MemoQ - part 1
MemoQ belongs to an ever-increasing group of CAT programs, where the translation process takes place in a built-in table interface editor (as opposed to programs that act as a text editor overlay). Working in a dedicated environment accelerates work and allows to focus on translation without having to pay attention to the layout of the text. Obviously, this does not mean that the source text formatting is ignored - the program will take care of the paragraph style autonomously, while the formatting within the documents can be reproduced with keyboard shortcuts or icons (bold, italics) or with markers (for more complex formatting). However, in order to not get lost in source text and to use contextual information (headline, caption, enumeration points, etc.), MemoQ offers an integrated view of the edited document, which is being updated during the translation. It's very comfortable and works very effectively - a similar feature is also available in Trados Studio, but the preview update is slower there. MemoQ is much more convenient to deal with when inserting tags - they can be copied separately (F8 key) or as whole-segment tags (Shift-F8) at once. This solution makes on-text work very comfortable - much less stressful than these in TS, where pairs of tags (e.g. the beginning and the end of the italics marker) are always copied collectively - whereby it is sometimes faster to copy a source segment to a target segment, and to replace the original text with the translation. As I already wrote - there is no such problem in MemoQ. Another nice feature of the editor is the option to define various details - i.e. the type of quotation marks for the selected language, so that in Polish, for example, straight quotes will be converted to curly quotes, as in the Word editor.
During the translation, we can use as many translation memories as we like. Of course, one of them will be the main memory, where new translation segments will be stored and the other ones will serve only as an auxiliary material for searching for similar segments. This also applies to glossaries - you can use many of them simultaneously. It is worth adding that creating or editing of glossary terms is very simple and rapid. It takes place at the level of the program editing window.
The feature that makes work incredibly easy and fast, and what definitely distinguishes MemoQ in a positive way, is matching fragments of segments. It works similarly to "typical" correspondence (concordance), but just on steroids. If when translating the current segment we encounter a previously-translated fragment, the program will not only automatically show this (as does Trados Studio), but will also enable very fast insertion of such a piece into the current segment - using the keyboard (mouse can also be used, though). In case of partial repetitions, this greatly accelerates your work and this solution is fantastically convenient as well - it is enough to master three keyboard shortcuts. For the sake of justice, it is fair to say that Trados is better at dealing with complex chemical names (such as N-[1-Carboxy-2-(4-fluorophenyl)-ethyl]-N-pentanoyl...) - as opposed to MemoQ, which tends to fragmentize them.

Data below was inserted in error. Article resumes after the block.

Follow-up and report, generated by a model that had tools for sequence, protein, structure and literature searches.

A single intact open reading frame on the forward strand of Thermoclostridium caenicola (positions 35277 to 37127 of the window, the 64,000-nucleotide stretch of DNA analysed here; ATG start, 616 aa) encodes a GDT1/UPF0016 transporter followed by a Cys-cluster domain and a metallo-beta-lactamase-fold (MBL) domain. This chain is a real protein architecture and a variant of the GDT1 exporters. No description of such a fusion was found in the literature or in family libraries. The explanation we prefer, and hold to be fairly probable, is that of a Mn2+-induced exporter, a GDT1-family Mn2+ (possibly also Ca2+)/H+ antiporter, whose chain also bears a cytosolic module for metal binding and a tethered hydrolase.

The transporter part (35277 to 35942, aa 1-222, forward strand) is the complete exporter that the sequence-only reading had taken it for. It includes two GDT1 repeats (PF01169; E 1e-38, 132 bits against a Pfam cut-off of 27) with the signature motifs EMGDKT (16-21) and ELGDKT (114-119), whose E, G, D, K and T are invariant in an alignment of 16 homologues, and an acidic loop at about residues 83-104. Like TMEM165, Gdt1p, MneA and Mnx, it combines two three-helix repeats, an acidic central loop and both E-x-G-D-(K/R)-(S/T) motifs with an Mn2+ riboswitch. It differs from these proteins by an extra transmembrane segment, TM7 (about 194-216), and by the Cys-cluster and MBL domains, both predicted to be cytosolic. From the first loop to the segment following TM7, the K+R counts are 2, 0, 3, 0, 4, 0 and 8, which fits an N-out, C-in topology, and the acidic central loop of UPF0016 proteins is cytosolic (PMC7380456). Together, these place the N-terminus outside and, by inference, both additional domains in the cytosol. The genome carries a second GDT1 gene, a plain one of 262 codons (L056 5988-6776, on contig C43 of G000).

Another great feature of the program is the Quality Assurance function - the program will not allow you to export a document containing critical errors such as the absence of all formatting marks in the target segment. In case of such a situation, a window with a list of incorrect segments will be displayed, where we can immediately make corrections. Of course, less serious errors (such as incompatibility of numbers, whitespaces, etc.) can be ignored.
The icing on the cake is the option to work with Trados files - both .ttx, bilingual .doc/.rtf and .sdlxliff files, which makes it possible to seamlessly work with Trados-based clients - unfortunately the memory must be exported/imported via an intermediate format - TMX.
MemoQ for freelance translators is available in three versions:
Translator Pro - For 620 Euro, we get a full version of MemoQ including support for all formats without any restrictions.
Translator Standard - this version costs 149 Euro/year. It does not support contextual matching in TM, the option of using remote TM servers, and the export of bilingual files to XLIFF or DOC format. There is also no technical support.
4Free - the completely free edition of program. It is possible to download the Translator Pro version and use it for 45 days with access to all available features. If after 45 days the license is not purchased, the program will go into 4Free mode, where we can still work, but only on new projects (opening saved files is unavailable), and these can contain only one file and only one (new) translation memory.
Finally, one more thing - Kilgray managed to fit in all these features in a 40 MB installation package, which is over ten times smaller than the Trados Studio installer. I think that the program is definitely worthy of attention, and if anyone is going to buy a CAT program for own needs (without the constant cooperation with a Trados-based company), it is definitely worth taking a look at MemoQ. Personally, I will wait for some time yet, but it is possible that MemoQ will become my main worktool this year.